Under that scenario, if the vehicle is rolling, he can only be in Off-Duty for up to 3 hours. (that is the time limit that the driver can be in the seat and handling paperwork personal affairs etc.) When they hit the 3 Hour mark that would put them at 8 Hours in Sleeper and 3 in Off duty for 11 Hours. The next 7 would not count toward a valid reset since he is Rolling and in Off Duty, not Sleeper. So, the clock would pause for 8 and 3 but everything after in Off duty is not compliant for a valid rest break.
If the vehicle wasn’t rolling at the 3 Hour Mark and stayed stationary while he was off duty for the full 10 Hours, then it would be valid daily reset.
If the second segment of 10 Hours was in the sleeper berth it would be a full 10-hour rest at the end of the second segment and the clock would start once he exited the sleeper berth 10 Hours 1 min since he got the full 10 Consecutive.
Tee-Tom asks via Twitter: Several organizations have filed a court petition to invalidate the new HOS rules. Do you think there will be an attempt by either or both sides to delay implementation? (That has happened previously.)
Scott says: Hey Tom, there is always the possibility but under the circumstances, nothing leads us to believe it will at this point.
Next is an online question: When you complete your second split period, will that give a fresh 14-hour clock?
Scott says: When you complete your second split period it will give you a fresh 14-hours starting at the end of the first sleeper berth period.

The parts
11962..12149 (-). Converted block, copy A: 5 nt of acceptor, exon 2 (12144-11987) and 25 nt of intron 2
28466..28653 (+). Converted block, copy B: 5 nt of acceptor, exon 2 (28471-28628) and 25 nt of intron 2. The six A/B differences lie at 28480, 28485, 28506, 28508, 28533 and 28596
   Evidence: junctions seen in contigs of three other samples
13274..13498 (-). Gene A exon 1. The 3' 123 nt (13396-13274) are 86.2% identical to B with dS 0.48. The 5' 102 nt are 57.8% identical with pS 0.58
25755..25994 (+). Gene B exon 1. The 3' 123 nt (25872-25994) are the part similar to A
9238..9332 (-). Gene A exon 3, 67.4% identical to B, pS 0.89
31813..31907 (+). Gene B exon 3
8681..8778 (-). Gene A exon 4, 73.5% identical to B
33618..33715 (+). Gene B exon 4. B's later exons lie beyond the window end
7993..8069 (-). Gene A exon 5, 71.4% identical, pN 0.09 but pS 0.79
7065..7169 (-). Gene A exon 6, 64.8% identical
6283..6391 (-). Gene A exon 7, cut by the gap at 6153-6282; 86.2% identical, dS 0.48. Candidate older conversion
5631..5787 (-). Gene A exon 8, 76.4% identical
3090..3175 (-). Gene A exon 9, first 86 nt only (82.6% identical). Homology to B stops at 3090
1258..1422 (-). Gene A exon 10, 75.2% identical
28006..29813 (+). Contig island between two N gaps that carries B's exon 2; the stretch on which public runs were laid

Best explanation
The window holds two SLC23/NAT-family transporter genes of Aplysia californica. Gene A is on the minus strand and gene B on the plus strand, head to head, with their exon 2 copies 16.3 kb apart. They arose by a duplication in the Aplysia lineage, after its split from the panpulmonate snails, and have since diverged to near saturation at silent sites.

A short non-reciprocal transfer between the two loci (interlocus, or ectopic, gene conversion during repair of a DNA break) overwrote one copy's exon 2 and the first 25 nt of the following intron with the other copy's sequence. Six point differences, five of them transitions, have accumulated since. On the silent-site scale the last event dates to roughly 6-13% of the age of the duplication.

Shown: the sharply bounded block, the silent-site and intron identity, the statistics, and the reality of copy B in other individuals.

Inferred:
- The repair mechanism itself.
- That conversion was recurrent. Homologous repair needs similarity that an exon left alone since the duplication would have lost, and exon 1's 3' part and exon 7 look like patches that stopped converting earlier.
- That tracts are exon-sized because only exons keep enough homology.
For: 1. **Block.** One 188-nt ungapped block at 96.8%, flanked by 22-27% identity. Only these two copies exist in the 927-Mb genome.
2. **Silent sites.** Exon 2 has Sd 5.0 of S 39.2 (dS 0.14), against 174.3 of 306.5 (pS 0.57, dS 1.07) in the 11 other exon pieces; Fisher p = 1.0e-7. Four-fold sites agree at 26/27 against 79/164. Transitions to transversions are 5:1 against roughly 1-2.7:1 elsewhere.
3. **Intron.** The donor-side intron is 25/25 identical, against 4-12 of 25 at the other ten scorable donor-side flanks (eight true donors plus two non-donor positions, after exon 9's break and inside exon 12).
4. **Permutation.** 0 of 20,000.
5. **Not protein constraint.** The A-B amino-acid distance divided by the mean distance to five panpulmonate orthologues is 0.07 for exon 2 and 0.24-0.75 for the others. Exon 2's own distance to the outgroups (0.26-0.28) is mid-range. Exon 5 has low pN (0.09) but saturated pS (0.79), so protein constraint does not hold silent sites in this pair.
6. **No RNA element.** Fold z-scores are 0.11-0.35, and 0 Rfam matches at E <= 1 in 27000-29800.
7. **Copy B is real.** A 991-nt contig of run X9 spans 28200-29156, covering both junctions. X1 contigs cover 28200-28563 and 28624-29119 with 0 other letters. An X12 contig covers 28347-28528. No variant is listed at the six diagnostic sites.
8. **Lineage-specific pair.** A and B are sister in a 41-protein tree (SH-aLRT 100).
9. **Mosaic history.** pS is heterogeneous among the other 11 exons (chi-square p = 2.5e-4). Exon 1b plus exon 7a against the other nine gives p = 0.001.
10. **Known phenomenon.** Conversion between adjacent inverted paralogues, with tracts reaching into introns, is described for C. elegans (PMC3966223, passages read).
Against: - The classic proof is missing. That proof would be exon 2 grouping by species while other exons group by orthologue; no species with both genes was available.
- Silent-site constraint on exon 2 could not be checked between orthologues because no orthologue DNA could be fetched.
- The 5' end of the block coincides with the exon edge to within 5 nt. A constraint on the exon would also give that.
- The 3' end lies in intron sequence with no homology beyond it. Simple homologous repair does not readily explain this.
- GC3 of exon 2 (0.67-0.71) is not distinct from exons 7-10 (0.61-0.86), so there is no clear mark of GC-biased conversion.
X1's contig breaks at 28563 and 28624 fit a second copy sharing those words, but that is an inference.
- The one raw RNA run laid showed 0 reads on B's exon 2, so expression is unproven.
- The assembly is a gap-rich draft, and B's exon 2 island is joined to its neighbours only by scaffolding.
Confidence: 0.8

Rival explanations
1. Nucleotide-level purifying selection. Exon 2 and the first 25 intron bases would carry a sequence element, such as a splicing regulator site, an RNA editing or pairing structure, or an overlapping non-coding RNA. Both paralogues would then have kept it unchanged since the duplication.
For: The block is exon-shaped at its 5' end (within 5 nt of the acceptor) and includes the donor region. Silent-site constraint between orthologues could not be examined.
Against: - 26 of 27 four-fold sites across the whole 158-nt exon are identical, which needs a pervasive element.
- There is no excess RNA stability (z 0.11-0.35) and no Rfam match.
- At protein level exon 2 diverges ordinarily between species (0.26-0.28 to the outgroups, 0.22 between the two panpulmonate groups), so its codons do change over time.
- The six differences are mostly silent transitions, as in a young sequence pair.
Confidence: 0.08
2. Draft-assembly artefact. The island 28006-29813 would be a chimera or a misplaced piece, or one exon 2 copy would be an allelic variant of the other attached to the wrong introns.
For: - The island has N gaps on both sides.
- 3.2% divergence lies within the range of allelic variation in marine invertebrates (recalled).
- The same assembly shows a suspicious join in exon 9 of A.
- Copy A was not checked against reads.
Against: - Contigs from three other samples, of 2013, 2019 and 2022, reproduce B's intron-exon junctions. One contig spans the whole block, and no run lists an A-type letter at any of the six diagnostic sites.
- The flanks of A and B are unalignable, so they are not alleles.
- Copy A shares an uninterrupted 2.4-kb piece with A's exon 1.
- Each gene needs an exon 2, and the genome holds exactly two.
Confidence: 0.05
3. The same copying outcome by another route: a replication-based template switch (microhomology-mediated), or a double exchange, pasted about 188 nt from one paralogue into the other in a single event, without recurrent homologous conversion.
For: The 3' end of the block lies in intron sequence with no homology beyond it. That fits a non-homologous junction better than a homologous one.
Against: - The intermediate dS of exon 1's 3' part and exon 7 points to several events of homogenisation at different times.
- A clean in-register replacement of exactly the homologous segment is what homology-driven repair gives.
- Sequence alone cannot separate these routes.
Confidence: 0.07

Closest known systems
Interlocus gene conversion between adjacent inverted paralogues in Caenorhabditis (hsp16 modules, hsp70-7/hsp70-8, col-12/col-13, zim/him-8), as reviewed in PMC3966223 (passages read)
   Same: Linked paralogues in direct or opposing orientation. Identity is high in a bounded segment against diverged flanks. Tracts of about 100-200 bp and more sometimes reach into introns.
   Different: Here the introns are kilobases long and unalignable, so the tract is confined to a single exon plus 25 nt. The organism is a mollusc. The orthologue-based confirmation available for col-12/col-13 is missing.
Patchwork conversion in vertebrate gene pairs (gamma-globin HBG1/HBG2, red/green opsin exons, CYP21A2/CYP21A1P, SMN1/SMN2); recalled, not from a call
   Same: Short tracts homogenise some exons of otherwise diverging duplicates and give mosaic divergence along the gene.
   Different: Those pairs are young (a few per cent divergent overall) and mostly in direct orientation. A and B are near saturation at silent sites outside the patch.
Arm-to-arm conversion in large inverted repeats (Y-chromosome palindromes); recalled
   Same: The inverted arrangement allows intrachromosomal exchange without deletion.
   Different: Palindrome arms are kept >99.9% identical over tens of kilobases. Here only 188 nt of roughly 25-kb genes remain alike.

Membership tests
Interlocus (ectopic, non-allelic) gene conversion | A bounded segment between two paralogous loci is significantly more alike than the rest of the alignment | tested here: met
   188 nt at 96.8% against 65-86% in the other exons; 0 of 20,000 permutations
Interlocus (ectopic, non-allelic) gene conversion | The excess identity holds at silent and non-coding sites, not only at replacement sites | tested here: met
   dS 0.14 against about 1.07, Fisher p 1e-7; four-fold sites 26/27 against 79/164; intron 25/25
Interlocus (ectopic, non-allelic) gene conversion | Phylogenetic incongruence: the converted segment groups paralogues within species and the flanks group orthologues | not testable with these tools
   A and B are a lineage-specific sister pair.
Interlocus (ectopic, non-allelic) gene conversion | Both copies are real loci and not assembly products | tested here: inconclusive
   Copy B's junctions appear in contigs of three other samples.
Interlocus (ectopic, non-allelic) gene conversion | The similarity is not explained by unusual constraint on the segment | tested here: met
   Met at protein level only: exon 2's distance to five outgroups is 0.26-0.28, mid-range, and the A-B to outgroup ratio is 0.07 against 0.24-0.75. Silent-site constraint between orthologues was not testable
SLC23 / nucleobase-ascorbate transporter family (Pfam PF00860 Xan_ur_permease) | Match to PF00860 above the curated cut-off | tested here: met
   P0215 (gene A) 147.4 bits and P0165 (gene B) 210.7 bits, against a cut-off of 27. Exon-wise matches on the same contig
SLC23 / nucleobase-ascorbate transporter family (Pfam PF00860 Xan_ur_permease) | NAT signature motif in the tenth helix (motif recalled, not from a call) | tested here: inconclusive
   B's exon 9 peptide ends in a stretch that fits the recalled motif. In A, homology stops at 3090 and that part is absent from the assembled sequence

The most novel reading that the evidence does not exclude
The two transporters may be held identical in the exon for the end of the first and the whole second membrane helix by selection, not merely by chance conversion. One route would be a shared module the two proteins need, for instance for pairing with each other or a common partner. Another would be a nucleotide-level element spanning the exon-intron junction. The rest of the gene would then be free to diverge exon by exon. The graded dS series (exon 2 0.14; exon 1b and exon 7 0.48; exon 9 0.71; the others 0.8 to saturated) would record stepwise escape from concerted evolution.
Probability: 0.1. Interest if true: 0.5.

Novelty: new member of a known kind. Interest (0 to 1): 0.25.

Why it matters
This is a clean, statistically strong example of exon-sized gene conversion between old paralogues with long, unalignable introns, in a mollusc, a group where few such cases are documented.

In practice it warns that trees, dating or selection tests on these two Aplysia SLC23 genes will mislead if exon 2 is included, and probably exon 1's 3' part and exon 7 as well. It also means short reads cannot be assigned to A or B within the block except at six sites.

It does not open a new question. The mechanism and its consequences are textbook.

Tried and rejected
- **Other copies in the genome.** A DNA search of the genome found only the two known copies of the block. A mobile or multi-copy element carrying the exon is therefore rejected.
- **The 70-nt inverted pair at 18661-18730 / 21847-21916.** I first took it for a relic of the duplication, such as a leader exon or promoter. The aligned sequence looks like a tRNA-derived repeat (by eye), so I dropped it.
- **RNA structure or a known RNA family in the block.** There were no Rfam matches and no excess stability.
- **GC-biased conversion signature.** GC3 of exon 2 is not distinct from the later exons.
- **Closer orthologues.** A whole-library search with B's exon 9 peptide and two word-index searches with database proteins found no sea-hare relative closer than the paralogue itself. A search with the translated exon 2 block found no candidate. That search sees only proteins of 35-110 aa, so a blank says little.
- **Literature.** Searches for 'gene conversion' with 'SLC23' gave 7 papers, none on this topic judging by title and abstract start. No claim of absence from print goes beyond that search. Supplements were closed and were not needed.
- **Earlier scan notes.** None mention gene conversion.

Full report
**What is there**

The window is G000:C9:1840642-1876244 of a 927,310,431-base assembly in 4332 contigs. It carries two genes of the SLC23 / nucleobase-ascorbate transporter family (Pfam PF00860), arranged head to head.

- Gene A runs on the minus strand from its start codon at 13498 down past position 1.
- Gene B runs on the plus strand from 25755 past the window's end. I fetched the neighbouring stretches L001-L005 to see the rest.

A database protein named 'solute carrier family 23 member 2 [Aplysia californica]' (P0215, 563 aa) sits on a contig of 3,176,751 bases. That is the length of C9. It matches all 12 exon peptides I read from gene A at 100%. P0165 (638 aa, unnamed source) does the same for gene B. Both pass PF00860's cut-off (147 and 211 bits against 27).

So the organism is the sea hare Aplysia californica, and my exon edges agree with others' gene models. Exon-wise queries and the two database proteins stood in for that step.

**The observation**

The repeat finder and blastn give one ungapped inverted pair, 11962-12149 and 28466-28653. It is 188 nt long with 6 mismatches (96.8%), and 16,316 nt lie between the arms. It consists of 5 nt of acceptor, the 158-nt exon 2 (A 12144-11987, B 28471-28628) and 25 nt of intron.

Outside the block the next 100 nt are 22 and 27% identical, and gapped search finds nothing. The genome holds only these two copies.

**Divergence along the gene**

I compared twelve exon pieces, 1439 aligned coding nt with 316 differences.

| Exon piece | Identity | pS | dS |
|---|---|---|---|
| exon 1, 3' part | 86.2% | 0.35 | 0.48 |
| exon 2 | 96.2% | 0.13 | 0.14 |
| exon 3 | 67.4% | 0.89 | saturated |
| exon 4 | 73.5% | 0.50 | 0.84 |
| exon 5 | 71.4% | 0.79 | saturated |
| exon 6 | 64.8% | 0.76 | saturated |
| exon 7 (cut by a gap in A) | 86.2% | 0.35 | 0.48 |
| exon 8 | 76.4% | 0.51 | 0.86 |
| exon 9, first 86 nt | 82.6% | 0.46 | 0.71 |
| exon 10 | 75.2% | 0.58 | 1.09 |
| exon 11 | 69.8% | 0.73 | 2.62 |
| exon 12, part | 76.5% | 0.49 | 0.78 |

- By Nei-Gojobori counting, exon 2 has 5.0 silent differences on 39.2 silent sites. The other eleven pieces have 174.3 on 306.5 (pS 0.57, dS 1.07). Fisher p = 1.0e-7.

Another Question we received online: Can I take the 3 hours first and then the 7 hours next, or does it have to be 7 hours first and then three?
Scott says: This is a short one! The split can be taken in any order.
From Daniel on our Facebook page: If a driver takes a 3-hour break, then a 4-hour break, then later takes a 7-hour break, will break will be calculated with the 7 hours? The 3 or the 4? Is it the 1st qualifying break or the most recent break before the 7-hour break?
Scott says: Hi Daniel, thanks for joining in today. The Split should be based on the 4 and 7 the 3 wouldn’t count as a valid off duty period once the 4 hour period is taken. Since the Split is built on 2 qualifying segments one short period would get nullified.
Here’s a question we got on email. Can I receive information on the configuration of adverse driving conditions? Will the TomTom’s have to be hard restarted on the 29th? What about units who are on the road driving during the upgrade? Also, when are the upgrades to FleetManager taking place?